Isolation and Agony at Eastern State Penitentiary

Walk the same halls as notorious criminals in America’s first true penitentiary. Do the ghosts of long-suffering inmates remain?

  • Eastern State Penitentiary in Philadelphia was built in 1829.
  • The penitentiary emphisized solitary confinement, isolation, reflection, and quiet labor.
  • Eastern State Penitentiary closed in 1971 and stood abandoned for the next 23 years.
  • Today, the prison hosts daily tours and special events, including an annual haunted house called “Terror Behind the Walls.”

Some might consider it ironic that the world’s first true penitentiary was built not only in the Land of the Free, but in the City of Brotherly Love. The Gothic Revival exterior of Eastern State Penitentiary, a prison designed to reform criminals, inspired fear for over a century. Situated in the heart of modern Philadelphia, Pennsylvania, it stood as a reminder of what fate awaited those who ran afoul of the law. It is no surprise that more than a few ghosts are believed to lurk behind its thick stone walls.

Eastern State Penitentiary is located at 2027 Fairmount Avenue, between Corinthian Avenue and North 22nd Street, in the Fairmount neighborhood. Fairmount used to be a farming community outside the City of Philadelphia, but was incorporated into the city in the 19th Century. Eastern State Penitentiary was designed by Architect John Haviland and built in 1829. A man named Charles Williams was its first prisoner. The prison became so famous that it was one of two places Charles Dickens wanted to see when he visited Philadelphia in 1842.

Eastern State Penitentiary engraving
Eastern State Penitentiary engraving

The system enforced at the prison became known as the “Pennsylvania Model.” In contrast to New York State’s “Auburn System”, which emphasized punishment, the Pennsylvania Model advocated solitary confinement, isolation, reflection, and quiet labor. This Quaker-inspired system was meant to instill penitence in the prisoners, hence the name “penitentiary.” Charles Dickens criticized this method of incarceration, writing, “I hold this slow and daily tampering with the mysteries of the brain to be immeasurably worse than any torture of the body; and because its ghastly signs and tokens are not so palpable to the eye.”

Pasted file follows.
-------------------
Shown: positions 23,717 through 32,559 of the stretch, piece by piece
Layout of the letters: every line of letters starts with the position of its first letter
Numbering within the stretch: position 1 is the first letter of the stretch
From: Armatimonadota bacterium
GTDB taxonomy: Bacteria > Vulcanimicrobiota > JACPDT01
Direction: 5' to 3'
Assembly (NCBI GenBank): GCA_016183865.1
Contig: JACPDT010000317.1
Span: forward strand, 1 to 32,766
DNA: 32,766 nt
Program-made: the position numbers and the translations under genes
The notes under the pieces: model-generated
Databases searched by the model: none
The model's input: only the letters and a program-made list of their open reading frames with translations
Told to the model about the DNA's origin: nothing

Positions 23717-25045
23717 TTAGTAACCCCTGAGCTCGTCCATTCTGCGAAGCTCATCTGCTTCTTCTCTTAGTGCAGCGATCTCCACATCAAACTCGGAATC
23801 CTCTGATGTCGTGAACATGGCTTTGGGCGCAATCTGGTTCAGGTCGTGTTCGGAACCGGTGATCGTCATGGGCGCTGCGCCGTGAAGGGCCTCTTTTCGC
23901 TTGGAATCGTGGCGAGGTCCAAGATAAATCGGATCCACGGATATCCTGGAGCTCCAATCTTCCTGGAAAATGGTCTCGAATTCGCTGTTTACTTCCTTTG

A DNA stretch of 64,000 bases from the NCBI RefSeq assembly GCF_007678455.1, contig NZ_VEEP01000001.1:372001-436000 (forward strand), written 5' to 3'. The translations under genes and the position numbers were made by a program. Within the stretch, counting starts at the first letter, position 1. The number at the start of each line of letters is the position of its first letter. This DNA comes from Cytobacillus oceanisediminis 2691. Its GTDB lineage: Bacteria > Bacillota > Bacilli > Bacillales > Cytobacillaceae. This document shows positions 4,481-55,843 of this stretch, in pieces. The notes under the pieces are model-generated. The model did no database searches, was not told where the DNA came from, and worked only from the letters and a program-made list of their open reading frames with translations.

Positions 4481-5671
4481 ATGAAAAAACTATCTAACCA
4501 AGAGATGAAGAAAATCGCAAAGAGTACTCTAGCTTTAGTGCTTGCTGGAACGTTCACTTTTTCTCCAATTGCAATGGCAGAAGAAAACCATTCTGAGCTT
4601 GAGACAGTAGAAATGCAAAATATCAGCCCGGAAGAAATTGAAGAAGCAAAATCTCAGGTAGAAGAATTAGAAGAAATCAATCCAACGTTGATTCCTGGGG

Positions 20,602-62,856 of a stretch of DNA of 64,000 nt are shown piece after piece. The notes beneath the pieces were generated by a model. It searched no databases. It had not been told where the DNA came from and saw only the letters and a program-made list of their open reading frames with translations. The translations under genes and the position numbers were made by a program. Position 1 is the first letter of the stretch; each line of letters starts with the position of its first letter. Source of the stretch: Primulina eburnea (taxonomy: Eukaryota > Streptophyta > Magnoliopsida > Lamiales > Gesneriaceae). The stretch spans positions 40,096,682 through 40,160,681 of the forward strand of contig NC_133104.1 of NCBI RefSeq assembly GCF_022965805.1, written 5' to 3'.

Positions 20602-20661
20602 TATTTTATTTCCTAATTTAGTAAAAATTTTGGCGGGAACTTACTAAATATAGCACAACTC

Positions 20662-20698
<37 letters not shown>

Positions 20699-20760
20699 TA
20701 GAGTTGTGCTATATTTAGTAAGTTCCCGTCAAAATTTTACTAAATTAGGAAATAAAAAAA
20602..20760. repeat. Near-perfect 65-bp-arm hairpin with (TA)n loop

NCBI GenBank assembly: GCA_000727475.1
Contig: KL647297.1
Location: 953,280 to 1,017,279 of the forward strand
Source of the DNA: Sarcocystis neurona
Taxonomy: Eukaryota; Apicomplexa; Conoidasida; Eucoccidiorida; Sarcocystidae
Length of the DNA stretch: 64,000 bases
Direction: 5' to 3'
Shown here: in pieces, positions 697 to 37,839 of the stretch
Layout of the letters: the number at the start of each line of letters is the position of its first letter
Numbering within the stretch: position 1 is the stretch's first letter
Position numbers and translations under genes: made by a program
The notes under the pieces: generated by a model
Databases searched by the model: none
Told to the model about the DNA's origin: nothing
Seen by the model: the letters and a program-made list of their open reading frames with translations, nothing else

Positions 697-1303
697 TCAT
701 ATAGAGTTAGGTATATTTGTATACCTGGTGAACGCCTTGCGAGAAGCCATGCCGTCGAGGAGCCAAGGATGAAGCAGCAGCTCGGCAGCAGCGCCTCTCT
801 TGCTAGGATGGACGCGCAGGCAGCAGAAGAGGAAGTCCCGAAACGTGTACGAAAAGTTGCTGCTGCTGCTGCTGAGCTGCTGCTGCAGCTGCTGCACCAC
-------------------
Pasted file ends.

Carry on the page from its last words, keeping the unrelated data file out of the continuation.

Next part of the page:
In 1913, prison officials abandoned the policy of prisoner isolation and built several additions, including weaving shops, a bakery, kitchens, and guard towers with spotlights. Over the years, Eastern State Penitentiary housed several notorious inmates, including Al Capone. Capone was allowed to comfortably furnish his cell during his stay in 1929. In 1945, a bank robber named Willie Sutton and eleven other inmates managed to escape by digging a tunnel under the wall. Eastern State Penitentiary closed in 1971 and stood abandoned for the next 23 years.

Its decaying corridors, overgrown prison yard, and history of agony lent itself to ghost stories. Tree roots crawl down some of the cell walls, creating a nightmarish image. The former penitentiary has become notorious for paranormal activity, and TV shows like Most Haunted Live!, Ghost Hunters, Ghost Adventures, and MTV’s Fear have filmed there. According to NPR, “Cellblock 12 is known for echoing voices and cackling; Cellblock 6 for shadowy figures darting along the walls; Cellblock 4 for visions of ghostly faces. Many people have reported seeing a silhouette of a guard in one of the towers.” Other visitors report hearing phantom footsteps, wails, and whispers.

Today, the prison hosts daily tours and special events, including an annual haunted house called “Terror Behind the Walls.” Art installations can be found scattered throughout the grounds and in some of the cells, and the museum holds a wealth of information about the US prison system. No visit to Philadelphia is complete without touring Eastern State Penitentiary. Who knows what you may find. Come for the history, stay for the ghosts.

Author: Michael Kleen

Michael Kleen is an author, raconteur, and occasional traveler. He has a M.A. in History and M.S. in Education. He enjoys studying military history, folklore, and philosophy.

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